Supplementing your company’s health care plan with an EBHRA
Is your business ready to take its health care benefits to the next level? One way to do so is to supplement group health coverage with an Excepted Benefit Health Reimbursement Arrangement (EBHRA). Here are some pertinent details.
Rules to follow
Under a traditional HRA, the employer owns and funds the tax-advantaged account up to any chosen amount. However, traditional HRAs are subject to mandates under the Public Health Service Act (PHSA), which was amended by the Affordable Care Act (ACA).
Because employer contributions to EBHRAs are limited, these accounts qualify as “excepted benefits” and aren’t subject to the PHSA mandates. EBHRAs can be offered by companies or other employers of any size, but they must follow certain rules, such as:
Limited-dollar benefits. In 2022, up to $1,800 can be newly allocated to each participant per plan year to reimburse eligible medical expenses. This amount will rise to $1,950 for plan years beginning in 2023 — the first time the limit has increased since these arrangements were launched in 2020.
Carryovers, which are permitted under both traditional HRAs and EBHRAs, are disregarded when applying the limit. Amounts made available under other HRAs or account-based plans provided by the employer for the same period will count against the dollar limit unless those arrangements reimburse only excepted benefits.
Qualified reimbursements. An EBHRA may reimburse any qualifying, out-of-pocket medical expense other than premiums for individual health coverage, Medicare or non-COBRA group coverage. Premiums for coverage consisting solely of excepted benefits can be reimbursed, as can premiums for short-term limited-duration insurance (STLDI). However, under certain circumstances, federal agencies may prohibit small employer EBHRAs in particular states from allowing STLDI premium reimbursement.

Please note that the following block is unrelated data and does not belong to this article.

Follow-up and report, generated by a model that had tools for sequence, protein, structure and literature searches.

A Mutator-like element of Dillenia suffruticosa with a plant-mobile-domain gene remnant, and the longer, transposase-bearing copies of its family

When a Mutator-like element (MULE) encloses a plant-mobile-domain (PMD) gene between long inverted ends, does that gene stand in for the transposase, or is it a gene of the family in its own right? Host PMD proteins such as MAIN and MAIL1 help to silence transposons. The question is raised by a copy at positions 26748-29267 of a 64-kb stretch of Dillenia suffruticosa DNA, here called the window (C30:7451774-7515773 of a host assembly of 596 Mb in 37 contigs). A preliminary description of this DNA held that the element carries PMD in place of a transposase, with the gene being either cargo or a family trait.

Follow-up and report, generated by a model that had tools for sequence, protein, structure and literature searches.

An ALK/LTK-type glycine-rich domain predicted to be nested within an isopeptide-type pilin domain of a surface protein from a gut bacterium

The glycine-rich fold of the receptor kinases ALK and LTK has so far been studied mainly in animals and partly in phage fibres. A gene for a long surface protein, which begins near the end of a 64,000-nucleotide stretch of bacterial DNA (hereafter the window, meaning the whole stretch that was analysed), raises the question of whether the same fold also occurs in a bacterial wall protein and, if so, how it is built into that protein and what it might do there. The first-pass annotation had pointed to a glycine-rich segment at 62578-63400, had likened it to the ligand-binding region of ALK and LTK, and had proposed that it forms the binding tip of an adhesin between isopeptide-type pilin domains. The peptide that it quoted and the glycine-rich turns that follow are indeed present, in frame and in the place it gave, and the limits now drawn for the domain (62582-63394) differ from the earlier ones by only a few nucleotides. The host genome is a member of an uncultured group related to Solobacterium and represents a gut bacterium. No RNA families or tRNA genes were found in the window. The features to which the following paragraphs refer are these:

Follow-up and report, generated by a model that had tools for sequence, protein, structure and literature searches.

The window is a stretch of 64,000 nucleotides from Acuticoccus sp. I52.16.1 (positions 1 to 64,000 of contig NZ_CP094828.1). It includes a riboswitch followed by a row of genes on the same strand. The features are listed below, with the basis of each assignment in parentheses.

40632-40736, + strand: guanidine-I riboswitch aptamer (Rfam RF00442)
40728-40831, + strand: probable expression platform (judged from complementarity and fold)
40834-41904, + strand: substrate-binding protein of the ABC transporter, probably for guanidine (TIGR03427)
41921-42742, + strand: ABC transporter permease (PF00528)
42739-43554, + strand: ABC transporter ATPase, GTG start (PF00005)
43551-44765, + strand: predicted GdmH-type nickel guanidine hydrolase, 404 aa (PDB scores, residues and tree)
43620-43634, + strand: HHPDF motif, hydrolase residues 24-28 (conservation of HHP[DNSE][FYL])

Required other coverage. The employer must make other nonexcepted, non–account-based group health plan coverage available to EBHRA participants for the plan year. Thus, participants in the EBHRA couldn’t also be offered a traditional HRA.
Uniform availability. An EBHRA must be made available under the same terms and conditions to all similarly situated individuals, as provided by applicable regulations.
HIPAA and ERISA
An EBHRA’s status as an excepted benefit means only that it’s not subject to the ACA’s PHSA mandates or the portability and nondiscrimination rules of the Health Insurance Portability and Accountability Act (HIPAA).
However, EBHRAs are subject to HIPAA’s administrative simplification requirements. This includes the law’s privacy and security rules unless an exception applies — such as for certain small self-insured, self-administered plans.
And, like traditional HRAs, EBHRAs are subject to the Employee Retirement Income Security Act (ERISA) unless an exception applies — such as for church or governmental plans. Thus, reimbursement requests must be handled in accordance with ERISA’s claim and appeal procedures; EBHRA participants must receive a summary plan description; and other ERISA requirements apply.
Finally, EBHRAs must comply with nondiscrimination rules. These generally prohibit discrimination in favor of highly compensated individuals regarding eligibility and which benefits are offered.
When deciding whether to offer an EBHRA at your business, you’ll need to consider various factors. These include the impact on existing benefits, which employees will be covered, how much you’ll contribute and which expenses you’ll reimburse. We can help you assess the costs, advantages and risks of this or any other employee benefit you’re considering.